Shifting Movement: Lucas Plapp

Mitch Wells
Various Contributors

Athletes are amongst the most adaptable people you will meet, they push limits under extreme stress, they compete in extreme conditions for extended periods of time and they bounce back from injury and setbacks faster than most. While most of us are experiencing disruption to our regular riding routines, elite athletes are facing great uncertainty around training, travel and racing, all potential threats to their livelihoods and ultimately to their identity as professional cyclists.

We are continuing our commitment to the art and performance of cycling by bringing you some stories directly from our MAAP athletes, on how they are training, staying motivated, staying connected and sharing advice on how they are adapting to the demands of training during social distancing restrictions.

Just two weeks ago Lucas 'Luke' Plapp was named on the Australian Olympic track team, but now he's faceing a sixteen month delay in competing for Olympic gold with the postponement of the Tokyo 2020 games. We caught up with him to see what he’s doing to shift his momentum under social distancing guidelines, how he’s adapting his training and how he’s staying motivated between now and the Olympics.


What impact has the coronavirus had on you and your racing?

The impact that COVID-19 has had on me personally is huge. As of only a few days ago it was announced that the Olympic Games won’t take place as originally planned in 2020, instead postponed to 2021. This year has been an interesting program for me as I have been solely focused on the Tokyo Olympics, with no other races to target or goals set before the games.

We were almost wrapped in bubble wrap to stay healthy, injury free and focussed on the big target that only comes around once every 4 years. The postponement doesn’t mean a whole lot changes, we are now preparing for the games in 16 months time, rather than prepping for our peak performance in only 140 days.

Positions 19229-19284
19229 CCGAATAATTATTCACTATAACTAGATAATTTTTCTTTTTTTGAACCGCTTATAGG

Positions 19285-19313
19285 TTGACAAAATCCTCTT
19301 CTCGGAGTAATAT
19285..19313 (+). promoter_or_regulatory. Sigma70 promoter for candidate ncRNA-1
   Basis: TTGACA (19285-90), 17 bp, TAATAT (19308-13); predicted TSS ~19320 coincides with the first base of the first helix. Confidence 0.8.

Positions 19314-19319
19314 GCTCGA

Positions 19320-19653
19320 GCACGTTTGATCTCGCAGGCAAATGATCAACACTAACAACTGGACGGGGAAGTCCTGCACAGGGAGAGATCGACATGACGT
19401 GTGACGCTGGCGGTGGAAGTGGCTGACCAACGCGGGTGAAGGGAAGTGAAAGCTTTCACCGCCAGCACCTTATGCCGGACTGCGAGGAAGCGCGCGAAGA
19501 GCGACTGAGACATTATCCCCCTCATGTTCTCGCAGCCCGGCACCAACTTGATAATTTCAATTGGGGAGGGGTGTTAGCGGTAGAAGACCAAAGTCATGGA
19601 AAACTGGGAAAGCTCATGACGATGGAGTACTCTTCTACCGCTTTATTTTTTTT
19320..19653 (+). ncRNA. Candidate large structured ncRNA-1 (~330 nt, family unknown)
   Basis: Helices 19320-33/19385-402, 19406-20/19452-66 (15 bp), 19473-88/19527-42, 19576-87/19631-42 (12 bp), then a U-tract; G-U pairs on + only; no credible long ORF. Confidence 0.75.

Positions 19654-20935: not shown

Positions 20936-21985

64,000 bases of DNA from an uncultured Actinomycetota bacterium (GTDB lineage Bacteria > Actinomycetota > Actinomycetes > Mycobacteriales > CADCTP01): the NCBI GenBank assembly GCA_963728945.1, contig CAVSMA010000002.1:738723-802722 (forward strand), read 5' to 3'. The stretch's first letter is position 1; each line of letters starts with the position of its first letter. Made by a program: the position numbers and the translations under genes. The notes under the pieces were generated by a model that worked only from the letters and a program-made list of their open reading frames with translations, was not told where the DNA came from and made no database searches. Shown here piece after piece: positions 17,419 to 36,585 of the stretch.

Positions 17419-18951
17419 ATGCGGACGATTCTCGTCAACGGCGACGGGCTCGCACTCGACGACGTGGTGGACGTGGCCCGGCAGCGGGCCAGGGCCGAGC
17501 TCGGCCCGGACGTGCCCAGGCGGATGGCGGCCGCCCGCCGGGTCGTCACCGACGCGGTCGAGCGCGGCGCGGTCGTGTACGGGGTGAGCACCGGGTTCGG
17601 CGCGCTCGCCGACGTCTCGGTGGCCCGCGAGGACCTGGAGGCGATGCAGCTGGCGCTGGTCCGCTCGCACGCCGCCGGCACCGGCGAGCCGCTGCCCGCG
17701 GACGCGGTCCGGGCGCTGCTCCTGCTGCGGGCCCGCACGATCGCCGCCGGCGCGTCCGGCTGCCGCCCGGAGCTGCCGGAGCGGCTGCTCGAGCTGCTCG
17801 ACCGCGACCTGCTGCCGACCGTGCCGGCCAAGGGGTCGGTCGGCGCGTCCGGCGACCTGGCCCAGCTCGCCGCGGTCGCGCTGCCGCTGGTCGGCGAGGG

I have made the decision to come home to Melbourne and am using this time to gather myself, reset and have a little break before I build up to my next goals. It has affected all of the sporting community and everyone is a bit lost at the moment. It is the perfect time to have a break, or “Offy” for off season as we like to call it, and look at the bigger picture, while each doing our individual part as a community to try and get the spread of this virus under control.

I will use the upcoming Road World Championships in Switzerland as my next goal, something to keep me motivated.

I will turn my energy and focus to specifically training for the Time Trial and keep my fingers crossed that it will actually take place. The motivation does take a hit with sudden changes this big, it’s just a matter of taking the time to accept it and reset. I have enjoyed being home and I’m now slowly getting back into the gym and training as we speak.